Third party Google Music client for Windows Phone now available

Although we're fans of Zune (or LastFM) on our Windows Phone, on occasion we get the request for a Google Music ( client. While we're not holding our breath for an official app from Google anytime soon, there's no reason why devs can't do it on their own.

For those who don't know, Google allows you to upload your entire music library to the cloud and gives you the ability to stream anywhere. It's not actually a bad idea as it allows you to backup your collection, free up hard disk space and easily download it again when needed. The service is free for your first 20,000 songs which should get your started (though uploading 20K songs may take some time). [Side note: We're really hoping Microsoft takes SkyDrive + Zune in this direction for Windows Phone 8 and the desktop OS].

Today, Gooroovster is now available on the Windows Phone Marketplace. The app goes for $3.99 which is on the high side but there is of course a free trial. The app has been in private beta for weeks though and initial feedback for the app has been very high, making this seemingly a great solution for those with Google Music as their primary music resource. (Beta testers will be getting one final update very soon to match the released version--kudos to the dev for that).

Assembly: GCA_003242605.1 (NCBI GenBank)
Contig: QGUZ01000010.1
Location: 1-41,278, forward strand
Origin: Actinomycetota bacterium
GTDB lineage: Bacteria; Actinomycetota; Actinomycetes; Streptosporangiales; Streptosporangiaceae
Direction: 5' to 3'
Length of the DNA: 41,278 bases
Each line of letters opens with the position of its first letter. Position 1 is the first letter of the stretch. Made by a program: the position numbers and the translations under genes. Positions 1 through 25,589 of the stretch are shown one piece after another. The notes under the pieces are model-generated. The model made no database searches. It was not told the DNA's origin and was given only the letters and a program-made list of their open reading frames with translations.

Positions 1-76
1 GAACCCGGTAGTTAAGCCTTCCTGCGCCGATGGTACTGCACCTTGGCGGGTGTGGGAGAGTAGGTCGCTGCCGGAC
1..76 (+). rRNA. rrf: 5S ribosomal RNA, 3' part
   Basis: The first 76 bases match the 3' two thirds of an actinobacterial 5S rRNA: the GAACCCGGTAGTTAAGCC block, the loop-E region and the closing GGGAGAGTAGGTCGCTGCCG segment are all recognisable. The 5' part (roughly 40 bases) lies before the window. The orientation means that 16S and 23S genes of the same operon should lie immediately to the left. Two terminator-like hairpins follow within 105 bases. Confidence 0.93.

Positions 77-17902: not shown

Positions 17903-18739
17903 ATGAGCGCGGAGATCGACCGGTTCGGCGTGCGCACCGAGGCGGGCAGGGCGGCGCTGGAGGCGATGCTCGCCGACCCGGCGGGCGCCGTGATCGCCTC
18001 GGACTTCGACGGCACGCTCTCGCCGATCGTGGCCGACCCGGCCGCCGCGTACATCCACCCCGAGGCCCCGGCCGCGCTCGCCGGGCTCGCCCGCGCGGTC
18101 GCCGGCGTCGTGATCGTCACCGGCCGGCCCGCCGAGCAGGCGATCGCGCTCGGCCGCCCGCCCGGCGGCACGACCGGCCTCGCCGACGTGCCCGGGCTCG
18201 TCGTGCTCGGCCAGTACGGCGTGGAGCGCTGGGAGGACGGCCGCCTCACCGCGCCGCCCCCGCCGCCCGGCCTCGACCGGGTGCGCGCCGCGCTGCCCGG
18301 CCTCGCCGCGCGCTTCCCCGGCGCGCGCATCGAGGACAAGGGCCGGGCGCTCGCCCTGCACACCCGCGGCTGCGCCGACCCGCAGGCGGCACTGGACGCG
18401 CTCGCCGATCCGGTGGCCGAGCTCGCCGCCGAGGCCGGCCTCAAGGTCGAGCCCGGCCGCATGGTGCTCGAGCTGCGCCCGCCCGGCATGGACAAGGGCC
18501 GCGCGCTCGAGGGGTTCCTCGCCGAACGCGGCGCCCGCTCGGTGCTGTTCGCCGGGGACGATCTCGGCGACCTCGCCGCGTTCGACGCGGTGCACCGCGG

Allowing you stream via the Zune music player under lockscreen/background and access your entire library, the app is exactly what many have asked for as it even has a very Metro UI. For that, we're giving it our seal of approval.

Give Gooroovster a shot here in the Marketplace and submit feedback and requests via the UserVoice forum.

Daniel Rubino

Daniel Rubino is the Editor-in-chief of Windows Central. He is also the head reviewer, podcast co-host, and analyst. He has been covering Microsoft since 2007, when this site was called WMExperts (and later Windows Phone Central). His interests include Windows, laptops, next-gen computing, and watches. He has been reviewing laptops since 2015 and is particularly fond of 2-in-1 convertibles, ARM processors, new form factors, and thin-and-light PCs. Before all this tech stuff, he worked on a Ph.D. in linguistics, watched people sleep (for medical purposes!), and ran the projectors at movie theaters because it was fun.